A redaction is a literary work that has been subjected to a degree of revision by a later editor. Redaction is actually evident in many books of the Bible. That should neither surprise nor bother anyone. If you read the Bible closely, it is readily evident that redaction must have happened. 

The truly important question is whether the redaction was inspired, or not. Let me rephrase that a bit: The thing that really matters is whether God actively superintended a redactor’s decision-making. A number of Biblical authors claim divine inspiration. The same could be said about latter redactors. We assert that the revisions they made were in fact divinely inspired. So if we were to discover an authentic copy of a pre-redacted text, that would be a very interesting find. But it would not necessarily mean that the pre-redacted text is more authoritative than the recognized redacted text.  

But how then do we ascribe divinely-inspired authority to one ancient text and not another?

The shortest and most simple answer is tradition. Belief in the inspiration of Scripture requires a measure of confidence in God’s ability to transmit his Word through the tumultuous events of history. On the assumption that God must be a capable historical actor, God Himself ensured that the Scriptures were conveyed in the form He wanted through time and by means of tradition. And that is an assertion that cannot be proven. It is simply accepted or rejected. 

We have had Deuteronomy in the form we have it for over two thousand years. We know that for certain. We know it from two divergent and yet complementary sources: The Greek Septuagint and the Hebrew Dead Sea Scrolls. Because we have had Deuteronomy in the form we have it for over two thousand years, it stands to (theological) reason that God wanted us to have it that way. Therefore, if something comes along throwing into question whether the Deuteronomy we have is actually the “right” Deuteronomy, the underlying question is whether we really believe God inspired what have inherited from tradition or not. My answer is yes, I really do believe that God inspired what have inherited from tradition. The potential rehabilitation of V does not shake my faith in that. V is merely a historical curiosity. At most, it is a pre-redacted version of Deuteronomy, which, while interesting, does not make it authoritative Scripture.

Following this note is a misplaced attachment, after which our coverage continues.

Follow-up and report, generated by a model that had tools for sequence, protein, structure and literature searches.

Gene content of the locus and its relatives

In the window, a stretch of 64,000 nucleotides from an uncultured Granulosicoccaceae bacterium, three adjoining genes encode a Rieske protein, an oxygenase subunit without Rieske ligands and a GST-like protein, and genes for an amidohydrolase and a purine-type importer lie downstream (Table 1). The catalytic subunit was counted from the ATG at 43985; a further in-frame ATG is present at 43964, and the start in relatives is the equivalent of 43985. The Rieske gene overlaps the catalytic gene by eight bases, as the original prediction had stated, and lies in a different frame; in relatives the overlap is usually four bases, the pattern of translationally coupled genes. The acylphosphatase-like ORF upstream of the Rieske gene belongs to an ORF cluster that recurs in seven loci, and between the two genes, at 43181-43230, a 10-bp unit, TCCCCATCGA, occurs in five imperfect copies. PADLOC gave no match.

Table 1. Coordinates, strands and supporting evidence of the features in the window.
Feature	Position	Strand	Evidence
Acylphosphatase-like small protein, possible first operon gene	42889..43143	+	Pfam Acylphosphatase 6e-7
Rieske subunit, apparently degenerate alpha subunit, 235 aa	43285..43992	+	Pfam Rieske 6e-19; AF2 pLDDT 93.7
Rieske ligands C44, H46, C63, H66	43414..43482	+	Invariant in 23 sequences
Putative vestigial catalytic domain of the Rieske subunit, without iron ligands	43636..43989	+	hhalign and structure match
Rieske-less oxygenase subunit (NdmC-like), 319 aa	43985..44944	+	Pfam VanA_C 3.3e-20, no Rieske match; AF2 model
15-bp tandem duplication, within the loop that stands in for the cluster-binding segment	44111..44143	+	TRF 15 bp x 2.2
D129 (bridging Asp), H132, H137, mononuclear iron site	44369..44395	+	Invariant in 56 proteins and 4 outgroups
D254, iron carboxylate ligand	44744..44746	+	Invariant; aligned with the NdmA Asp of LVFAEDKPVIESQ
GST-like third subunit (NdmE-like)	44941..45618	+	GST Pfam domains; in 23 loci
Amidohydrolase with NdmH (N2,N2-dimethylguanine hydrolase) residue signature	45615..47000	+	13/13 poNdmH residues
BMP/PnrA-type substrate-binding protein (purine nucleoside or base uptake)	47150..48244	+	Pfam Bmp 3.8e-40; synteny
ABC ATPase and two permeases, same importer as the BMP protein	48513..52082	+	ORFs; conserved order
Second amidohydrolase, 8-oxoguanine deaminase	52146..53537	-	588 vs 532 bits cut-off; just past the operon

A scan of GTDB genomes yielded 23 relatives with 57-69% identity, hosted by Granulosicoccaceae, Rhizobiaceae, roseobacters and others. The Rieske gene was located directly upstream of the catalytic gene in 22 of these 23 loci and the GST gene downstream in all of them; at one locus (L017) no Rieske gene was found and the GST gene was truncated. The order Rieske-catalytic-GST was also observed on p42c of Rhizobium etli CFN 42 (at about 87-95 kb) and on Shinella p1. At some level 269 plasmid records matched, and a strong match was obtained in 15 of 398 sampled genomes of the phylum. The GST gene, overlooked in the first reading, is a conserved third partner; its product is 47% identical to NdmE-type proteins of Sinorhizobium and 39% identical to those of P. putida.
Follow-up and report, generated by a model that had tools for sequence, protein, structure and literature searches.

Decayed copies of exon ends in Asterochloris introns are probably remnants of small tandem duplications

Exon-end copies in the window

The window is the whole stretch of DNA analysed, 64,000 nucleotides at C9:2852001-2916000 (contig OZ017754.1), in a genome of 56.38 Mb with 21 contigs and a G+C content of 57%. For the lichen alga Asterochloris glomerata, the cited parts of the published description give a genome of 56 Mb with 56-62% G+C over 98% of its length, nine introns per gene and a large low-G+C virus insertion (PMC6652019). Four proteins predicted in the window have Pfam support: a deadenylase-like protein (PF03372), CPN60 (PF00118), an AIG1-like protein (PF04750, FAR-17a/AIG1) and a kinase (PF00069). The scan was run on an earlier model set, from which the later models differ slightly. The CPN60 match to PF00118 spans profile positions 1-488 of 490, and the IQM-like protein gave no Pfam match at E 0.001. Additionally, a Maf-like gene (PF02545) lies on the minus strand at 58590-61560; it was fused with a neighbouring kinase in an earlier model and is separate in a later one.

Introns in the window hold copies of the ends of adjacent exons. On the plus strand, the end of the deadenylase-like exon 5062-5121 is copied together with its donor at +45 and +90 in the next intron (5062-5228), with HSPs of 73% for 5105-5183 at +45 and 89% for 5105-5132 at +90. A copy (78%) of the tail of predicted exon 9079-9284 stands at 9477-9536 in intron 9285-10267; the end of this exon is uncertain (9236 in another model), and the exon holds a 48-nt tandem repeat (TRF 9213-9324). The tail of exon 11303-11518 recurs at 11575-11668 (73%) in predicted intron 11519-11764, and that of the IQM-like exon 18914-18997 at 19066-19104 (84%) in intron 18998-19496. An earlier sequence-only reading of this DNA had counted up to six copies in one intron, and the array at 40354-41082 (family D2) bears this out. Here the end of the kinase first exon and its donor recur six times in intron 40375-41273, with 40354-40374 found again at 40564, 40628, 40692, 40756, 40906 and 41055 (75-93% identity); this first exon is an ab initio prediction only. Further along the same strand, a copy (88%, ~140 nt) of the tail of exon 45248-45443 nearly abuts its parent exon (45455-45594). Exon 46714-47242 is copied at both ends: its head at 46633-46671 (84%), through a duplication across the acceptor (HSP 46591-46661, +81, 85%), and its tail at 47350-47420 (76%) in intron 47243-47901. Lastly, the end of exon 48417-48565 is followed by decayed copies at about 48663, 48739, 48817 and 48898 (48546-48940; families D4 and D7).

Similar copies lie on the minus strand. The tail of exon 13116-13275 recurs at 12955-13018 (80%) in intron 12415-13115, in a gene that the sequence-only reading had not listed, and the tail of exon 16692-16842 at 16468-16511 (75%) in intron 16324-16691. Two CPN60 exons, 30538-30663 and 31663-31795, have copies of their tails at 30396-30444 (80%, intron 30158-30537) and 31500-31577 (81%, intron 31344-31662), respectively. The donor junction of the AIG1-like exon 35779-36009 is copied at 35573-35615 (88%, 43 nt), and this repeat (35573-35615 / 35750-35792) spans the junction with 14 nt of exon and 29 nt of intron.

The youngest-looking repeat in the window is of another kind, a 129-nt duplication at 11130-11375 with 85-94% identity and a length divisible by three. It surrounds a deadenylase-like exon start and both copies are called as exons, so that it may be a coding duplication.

As for the other potentially-authentic “its,” they will have to wait for another time.